Overview of the economic chapters
28 June 2015
Globally, interest rates have been extraordinarily low for an exceptionally long time, in nominal and inflation-adjusted terms, against any benchmark. Such low rates are the most remarkable symptom of a broader malaise in the global economy: the economic expansion is unbalanced, debt burdens and financial risks are still too high, productivity growth too low, and the room for manoeuvre in macroeconomic policy too limited. The unthinkable risks becoming routine and being perceived as the new normal.
This malaise has proved exceedingly difficult to understand. The chapter argues that it reflects to a considerable extent the failure to come to grips with financial booms and busts that leave deep and enduring economic scars. In the long term, this runs the risk of entrenching instability and chronic weakness. There is both a domestic and an international dimension to all this. Domestic policy regimes have been too narrowly concerned with stabilising short-term output and inflation and have lost sight of slower-moving but more costly financial booms and busts. And the international monetary and financial system has spread easy monetary and financial conditions in the core economies to other economies through exchange rate and capital flow pressures, furthering the build-up of financial vulnerabilities. Short-term gain risks being bought at the cost of long-term pain.
Addressing these deficiencies requires a triple rebalancing in national and international policy frameworks: away from illusory short-term macroeconomic finetuning towards medium-term strategies; away from overwhelming attention to near-term output and inflation towards a more systematic response to slowermoving financial cycles; and away from a narrow own-house-in-order doctrine to one that recognises the costly interplay of domestic-focused policies. One essential element of this rebalancing will be to rely less on demand management policies and more on structural ones, so as to abandon the debt-fuelled growth model that has acted as a political and social substitute for productivity-enhancing reforms. The dividend from lower oil prices provides an opportunity that should not be missed. Monetary policy has been overburdened for far too long. It must be part of the answer but cannot be the whole answer. The unthinkable should not be allowed to become routine.
Accommodative monetary policies continued to lift prices in global asset markets in the past year, while diverging expectations about Federal Reserve and ECB policies sent the dollar and the euro in opposite directions. As the dollar soared, oil prices fell sharply, reflecting a mix of expected production and consumption, attitudes to risk and financing conditions. Bond yields in advanced economies continued to fall throughout much of the period under review and bond markets entered uncharted territory as nominal bond yields fell below zero in many markets. This reflected falling term premia and lower expected policy rates. The fragility of otherwise buoyant markets was underscored by increasingly frequent bouts of volatility and signs of reduced market liquidity. Such signs were perhaps clearest in fixed income markets, where market-makers have scaled back their activities and market-making has increasingly concentrated in the most liquid bonds. As other types of players, such as asset managers, have taken their place, the risk of "liquidity illusion" has increased: market liquidity appears ample in normal times, but vanishes quickly during market stress.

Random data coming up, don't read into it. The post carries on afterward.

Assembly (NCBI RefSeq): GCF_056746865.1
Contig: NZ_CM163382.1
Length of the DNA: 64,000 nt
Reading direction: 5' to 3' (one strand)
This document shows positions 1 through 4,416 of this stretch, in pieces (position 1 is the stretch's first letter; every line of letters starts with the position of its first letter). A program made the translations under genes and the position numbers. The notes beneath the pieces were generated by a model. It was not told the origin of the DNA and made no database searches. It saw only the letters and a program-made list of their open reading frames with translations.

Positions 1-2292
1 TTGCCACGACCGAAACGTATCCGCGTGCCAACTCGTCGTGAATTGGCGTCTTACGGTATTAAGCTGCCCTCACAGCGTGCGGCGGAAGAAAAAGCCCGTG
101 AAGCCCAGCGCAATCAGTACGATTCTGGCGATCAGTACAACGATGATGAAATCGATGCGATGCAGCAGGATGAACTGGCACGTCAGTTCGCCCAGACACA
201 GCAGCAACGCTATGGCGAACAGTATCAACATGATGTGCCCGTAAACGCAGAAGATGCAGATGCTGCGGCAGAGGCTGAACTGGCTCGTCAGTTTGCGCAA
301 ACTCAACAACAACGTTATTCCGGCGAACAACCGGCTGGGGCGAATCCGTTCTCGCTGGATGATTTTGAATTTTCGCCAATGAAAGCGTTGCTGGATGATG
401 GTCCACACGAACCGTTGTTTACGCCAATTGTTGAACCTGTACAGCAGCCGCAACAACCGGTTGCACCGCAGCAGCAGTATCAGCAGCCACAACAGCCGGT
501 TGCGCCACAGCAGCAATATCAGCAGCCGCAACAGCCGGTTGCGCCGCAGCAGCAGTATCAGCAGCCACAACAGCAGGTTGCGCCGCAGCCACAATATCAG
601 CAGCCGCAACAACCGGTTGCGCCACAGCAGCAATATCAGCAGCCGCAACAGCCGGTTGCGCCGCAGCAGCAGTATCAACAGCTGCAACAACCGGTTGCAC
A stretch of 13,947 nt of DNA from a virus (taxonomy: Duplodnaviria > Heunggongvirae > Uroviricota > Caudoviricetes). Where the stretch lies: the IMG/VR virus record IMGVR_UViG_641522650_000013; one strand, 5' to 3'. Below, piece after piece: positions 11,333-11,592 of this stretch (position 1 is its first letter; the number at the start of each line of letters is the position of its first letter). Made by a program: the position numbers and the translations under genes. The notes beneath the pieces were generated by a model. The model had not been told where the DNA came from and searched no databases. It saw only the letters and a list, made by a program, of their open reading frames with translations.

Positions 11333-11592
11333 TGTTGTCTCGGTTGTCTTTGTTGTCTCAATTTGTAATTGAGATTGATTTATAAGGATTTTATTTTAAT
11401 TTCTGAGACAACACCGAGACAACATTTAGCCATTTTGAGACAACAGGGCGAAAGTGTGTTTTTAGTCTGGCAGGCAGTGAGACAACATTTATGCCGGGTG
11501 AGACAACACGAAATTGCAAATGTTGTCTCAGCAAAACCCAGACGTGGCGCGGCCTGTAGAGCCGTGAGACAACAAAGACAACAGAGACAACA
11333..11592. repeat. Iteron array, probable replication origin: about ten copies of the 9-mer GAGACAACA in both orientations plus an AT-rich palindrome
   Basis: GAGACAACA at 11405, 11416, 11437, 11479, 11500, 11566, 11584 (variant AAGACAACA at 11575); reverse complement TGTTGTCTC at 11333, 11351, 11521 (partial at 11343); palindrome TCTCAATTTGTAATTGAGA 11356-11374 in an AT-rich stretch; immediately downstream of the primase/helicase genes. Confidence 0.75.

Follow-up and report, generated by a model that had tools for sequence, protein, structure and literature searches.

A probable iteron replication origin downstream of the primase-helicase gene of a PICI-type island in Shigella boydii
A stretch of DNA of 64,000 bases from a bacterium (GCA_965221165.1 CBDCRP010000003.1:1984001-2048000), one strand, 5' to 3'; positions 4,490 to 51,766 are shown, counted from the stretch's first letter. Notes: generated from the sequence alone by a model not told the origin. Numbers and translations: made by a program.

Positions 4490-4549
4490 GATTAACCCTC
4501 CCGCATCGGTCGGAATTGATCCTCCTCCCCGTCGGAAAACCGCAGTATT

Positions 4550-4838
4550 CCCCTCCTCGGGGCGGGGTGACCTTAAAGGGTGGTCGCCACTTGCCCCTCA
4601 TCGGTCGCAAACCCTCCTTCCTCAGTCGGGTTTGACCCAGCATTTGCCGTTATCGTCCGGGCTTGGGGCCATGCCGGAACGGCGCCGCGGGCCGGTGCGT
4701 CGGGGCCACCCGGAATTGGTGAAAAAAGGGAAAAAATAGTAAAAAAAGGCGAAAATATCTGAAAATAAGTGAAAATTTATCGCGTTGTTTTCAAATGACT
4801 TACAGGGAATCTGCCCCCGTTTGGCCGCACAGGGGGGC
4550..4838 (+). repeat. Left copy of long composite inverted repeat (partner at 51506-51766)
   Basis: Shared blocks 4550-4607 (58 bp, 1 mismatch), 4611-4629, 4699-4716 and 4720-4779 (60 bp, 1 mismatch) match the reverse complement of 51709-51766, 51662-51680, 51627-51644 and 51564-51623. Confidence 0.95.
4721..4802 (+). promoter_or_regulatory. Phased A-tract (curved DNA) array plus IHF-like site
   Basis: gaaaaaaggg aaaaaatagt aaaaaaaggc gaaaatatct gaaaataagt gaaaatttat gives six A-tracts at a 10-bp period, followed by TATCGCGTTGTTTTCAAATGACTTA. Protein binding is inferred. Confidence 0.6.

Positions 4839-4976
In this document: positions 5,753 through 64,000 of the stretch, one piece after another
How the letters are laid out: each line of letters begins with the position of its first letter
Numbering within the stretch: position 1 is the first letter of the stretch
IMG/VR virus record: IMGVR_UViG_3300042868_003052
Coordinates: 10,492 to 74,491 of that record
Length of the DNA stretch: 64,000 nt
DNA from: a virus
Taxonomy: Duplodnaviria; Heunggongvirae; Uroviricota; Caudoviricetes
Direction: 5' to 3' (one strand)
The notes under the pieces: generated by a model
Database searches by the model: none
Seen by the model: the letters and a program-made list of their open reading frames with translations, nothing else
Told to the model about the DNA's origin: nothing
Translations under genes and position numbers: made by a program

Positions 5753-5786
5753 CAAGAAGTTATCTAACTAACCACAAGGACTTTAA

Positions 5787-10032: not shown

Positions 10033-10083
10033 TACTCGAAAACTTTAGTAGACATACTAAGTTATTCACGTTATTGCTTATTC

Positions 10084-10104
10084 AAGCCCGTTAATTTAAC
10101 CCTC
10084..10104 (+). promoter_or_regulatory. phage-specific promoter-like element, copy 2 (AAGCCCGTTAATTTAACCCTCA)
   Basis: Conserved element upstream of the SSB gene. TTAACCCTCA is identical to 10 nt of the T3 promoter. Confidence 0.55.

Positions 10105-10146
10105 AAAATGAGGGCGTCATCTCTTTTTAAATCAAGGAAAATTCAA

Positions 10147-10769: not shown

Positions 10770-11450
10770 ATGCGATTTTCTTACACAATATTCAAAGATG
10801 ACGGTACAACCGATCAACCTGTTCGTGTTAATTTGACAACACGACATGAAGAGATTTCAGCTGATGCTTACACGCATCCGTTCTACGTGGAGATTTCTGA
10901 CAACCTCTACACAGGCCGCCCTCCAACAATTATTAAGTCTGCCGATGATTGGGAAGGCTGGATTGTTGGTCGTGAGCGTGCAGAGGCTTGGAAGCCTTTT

Plummeting oil prices and a surging US dollar shaped global activity in the year under review. These large changes in key markets caught economies at different stages of their business and financial cycles. The business cycle upswing in the advanced economies continued and growth returned to several of the crisis-hit economies in the euro area. At the same time, financial downswings are bottoming out in some of the economies hardest-hit by the Great Financial Crisis. But the resource misallocations stemming from the pre-crisis financial boom continue to hold back productivity growth. Other countries, less affected by the crisis, notably many EMEs, are experiencing different challenges. The shift in global conditions has coincided with slowing output growth and peaks in domestic financial cycles. There is the danger that slowing growth in EMEs could expose financial vulnerabilities. Better macroeconomic management and more robust financial structures, including longer debt maturities and reduced exposure to currency risk, have increased resilience. But the overall amount of debt has increased and the shift from banks to capital market funding could raise new risks.